Flipping back to some current games, these being TeamFortress 2, CounterStrike Source and World of Tanks. While these games being in a different format (employing role play, first-person shooter, real-time strategy etc…) where you play an humanoid or tank object, rather than being focused on an image in a browser, the cross-comparisons are exceptionally similar.

Core Elements of an Online Game (for me)

Each of these games employ the following features:

  1. Ease of play, even for new players (called n00bs)
  2. Social interaction
  3. A scoring mechanism
  4. Team play, with real people (see note on AI later)
  5. An experience mechanism & Achievements
  6. A token mechanism (this is another form of Economics)
  7. A single or set of characters that you can improve over time
  8. Ability to be totally random
  9. Respawn events or never-ending

It’s critically important that new players are able to join and understand the game quickly, then to build a lust for gaining experience & achieve some or all of the other core attributes. Some games do this by having tiered levels of games, taking WoT (World of Tanks) for example, there are 10 tiers and players only play with other players in tiers up toa  maximum of 4 above them, to keep the game enjoyable for them.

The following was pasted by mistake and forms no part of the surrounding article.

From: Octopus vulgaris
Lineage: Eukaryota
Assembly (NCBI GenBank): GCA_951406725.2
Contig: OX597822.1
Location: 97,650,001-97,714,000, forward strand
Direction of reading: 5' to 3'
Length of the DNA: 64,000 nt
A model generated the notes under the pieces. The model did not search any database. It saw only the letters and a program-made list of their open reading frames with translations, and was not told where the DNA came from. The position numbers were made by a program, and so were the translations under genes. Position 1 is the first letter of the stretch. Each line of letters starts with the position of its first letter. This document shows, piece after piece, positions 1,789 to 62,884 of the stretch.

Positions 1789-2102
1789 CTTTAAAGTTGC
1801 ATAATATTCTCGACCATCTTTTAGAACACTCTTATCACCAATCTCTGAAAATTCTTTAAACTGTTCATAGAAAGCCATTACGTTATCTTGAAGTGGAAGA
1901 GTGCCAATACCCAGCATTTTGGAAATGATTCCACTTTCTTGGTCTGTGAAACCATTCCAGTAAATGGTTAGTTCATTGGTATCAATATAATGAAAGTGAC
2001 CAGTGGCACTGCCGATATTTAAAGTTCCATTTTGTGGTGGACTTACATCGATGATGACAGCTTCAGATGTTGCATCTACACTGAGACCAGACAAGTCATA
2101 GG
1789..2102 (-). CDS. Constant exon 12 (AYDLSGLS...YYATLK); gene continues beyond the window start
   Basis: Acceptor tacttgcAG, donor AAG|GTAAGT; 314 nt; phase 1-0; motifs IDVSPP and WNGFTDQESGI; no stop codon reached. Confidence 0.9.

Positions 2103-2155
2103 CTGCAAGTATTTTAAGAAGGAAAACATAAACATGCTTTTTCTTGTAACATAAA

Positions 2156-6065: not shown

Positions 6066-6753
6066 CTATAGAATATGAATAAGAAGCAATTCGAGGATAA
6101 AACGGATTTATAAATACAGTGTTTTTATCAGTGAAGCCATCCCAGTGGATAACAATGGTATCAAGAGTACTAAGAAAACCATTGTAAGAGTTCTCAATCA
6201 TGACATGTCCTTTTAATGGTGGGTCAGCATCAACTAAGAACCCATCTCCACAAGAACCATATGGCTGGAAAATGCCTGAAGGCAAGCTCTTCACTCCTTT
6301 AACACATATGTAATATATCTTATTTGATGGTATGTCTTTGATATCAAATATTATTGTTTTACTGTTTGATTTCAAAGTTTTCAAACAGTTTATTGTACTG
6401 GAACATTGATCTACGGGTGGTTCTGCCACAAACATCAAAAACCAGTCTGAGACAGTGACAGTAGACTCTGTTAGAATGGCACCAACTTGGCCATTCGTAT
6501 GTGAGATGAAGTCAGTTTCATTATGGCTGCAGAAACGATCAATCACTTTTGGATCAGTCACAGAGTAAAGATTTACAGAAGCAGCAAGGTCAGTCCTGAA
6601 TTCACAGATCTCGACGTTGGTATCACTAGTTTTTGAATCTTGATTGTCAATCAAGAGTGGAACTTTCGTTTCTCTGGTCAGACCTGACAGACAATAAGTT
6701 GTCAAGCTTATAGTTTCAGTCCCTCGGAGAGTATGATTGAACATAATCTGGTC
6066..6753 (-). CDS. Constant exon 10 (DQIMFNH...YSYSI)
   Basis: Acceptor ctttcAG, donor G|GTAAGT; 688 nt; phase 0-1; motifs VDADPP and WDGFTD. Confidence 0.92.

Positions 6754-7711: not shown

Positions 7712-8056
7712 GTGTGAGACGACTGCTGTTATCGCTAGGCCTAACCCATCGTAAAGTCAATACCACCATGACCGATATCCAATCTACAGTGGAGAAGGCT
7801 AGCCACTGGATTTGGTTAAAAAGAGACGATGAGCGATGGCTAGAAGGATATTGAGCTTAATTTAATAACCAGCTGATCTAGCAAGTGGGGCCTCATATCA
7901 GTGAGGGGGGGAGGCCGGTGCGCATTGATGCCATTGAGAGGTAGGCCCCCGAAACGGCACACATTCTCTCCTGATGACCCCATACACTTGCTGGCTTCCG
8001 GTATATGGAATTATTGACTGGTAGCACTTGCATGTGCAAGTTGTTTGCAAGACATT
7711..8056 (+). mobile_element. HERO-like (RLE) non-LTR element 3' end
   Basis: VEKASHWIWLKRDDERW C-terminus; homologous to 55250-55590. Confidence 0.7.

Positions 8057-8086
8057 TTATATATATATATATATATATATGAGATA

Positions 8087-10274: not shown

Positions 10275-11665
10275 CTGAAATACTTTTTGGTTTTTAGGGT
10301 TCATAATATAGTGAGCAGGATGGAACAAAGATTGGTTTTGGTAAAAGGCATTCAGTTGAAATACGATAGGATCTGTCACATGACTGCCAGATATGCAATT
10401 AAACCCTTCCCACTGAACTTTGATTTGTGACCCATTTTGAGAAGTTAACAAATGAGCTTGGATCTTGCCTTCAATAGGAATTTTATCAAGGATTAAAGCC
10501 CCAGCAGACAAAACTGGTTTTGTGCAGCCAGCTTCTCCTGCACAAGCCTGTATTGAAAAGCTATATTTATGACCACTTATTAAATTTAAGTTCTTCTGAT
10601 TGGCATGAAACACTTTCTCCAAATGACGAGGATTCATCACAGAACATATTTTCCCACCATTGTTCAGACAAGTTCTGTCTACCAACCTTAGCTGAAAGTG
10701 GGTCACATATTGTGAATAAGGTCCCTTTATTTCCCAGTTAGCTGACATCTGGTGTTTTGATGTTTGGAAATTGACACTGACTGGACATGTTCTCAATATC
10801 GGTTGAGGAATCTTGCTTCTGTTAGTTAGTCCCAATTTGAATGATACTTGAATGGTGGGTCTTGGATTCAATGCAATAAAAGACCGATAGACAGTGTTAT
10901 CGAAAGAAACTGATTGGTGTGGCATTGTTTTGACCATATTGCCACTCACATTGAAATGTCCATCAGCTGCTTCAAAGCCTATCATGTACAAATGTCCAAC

Social interaction is huge for online games, it’s been known for people to get married in games! A really nice story to add here is that out of the gaming community I created a few years back, we now have our first real life baby that would not have entered this world without it. Now that’s the power of social interaction, forget the rest of the normal stuff, chatting, plotting, team work etc… Social can go to real world too and we’ve had some amazing nights out with the lads when we’ve all met up from all around Europe to a single place and take the virtual to the real-world (Big Chief looked pregnant, but he was a bloke).

Team play and the interaction of other real players is absolutely key, they’re needed to keep the game random and also to allow team work. Now this teamwork may be in dual units or as entire tribes of hundreds of people, but its this co-operation that can truly make a simple game, hugely addictive.

Now this is a good time to cover artificial intelligence (AI) and I’ll be back to the core elements shortly.

Artificial Intelligence In Games

You may also be wondering why I have spent a couple of hundred words with this topic, when you get to the marketplaces comparison later, AI has its direct comparison to “automation” and it’s critical you understand AI and how it’s linked to together.

Now this is where I’m going to slate one of my favourite game providers, Valve. Although to be fair they had a brilliant stab at it & I just prefer playing with real people.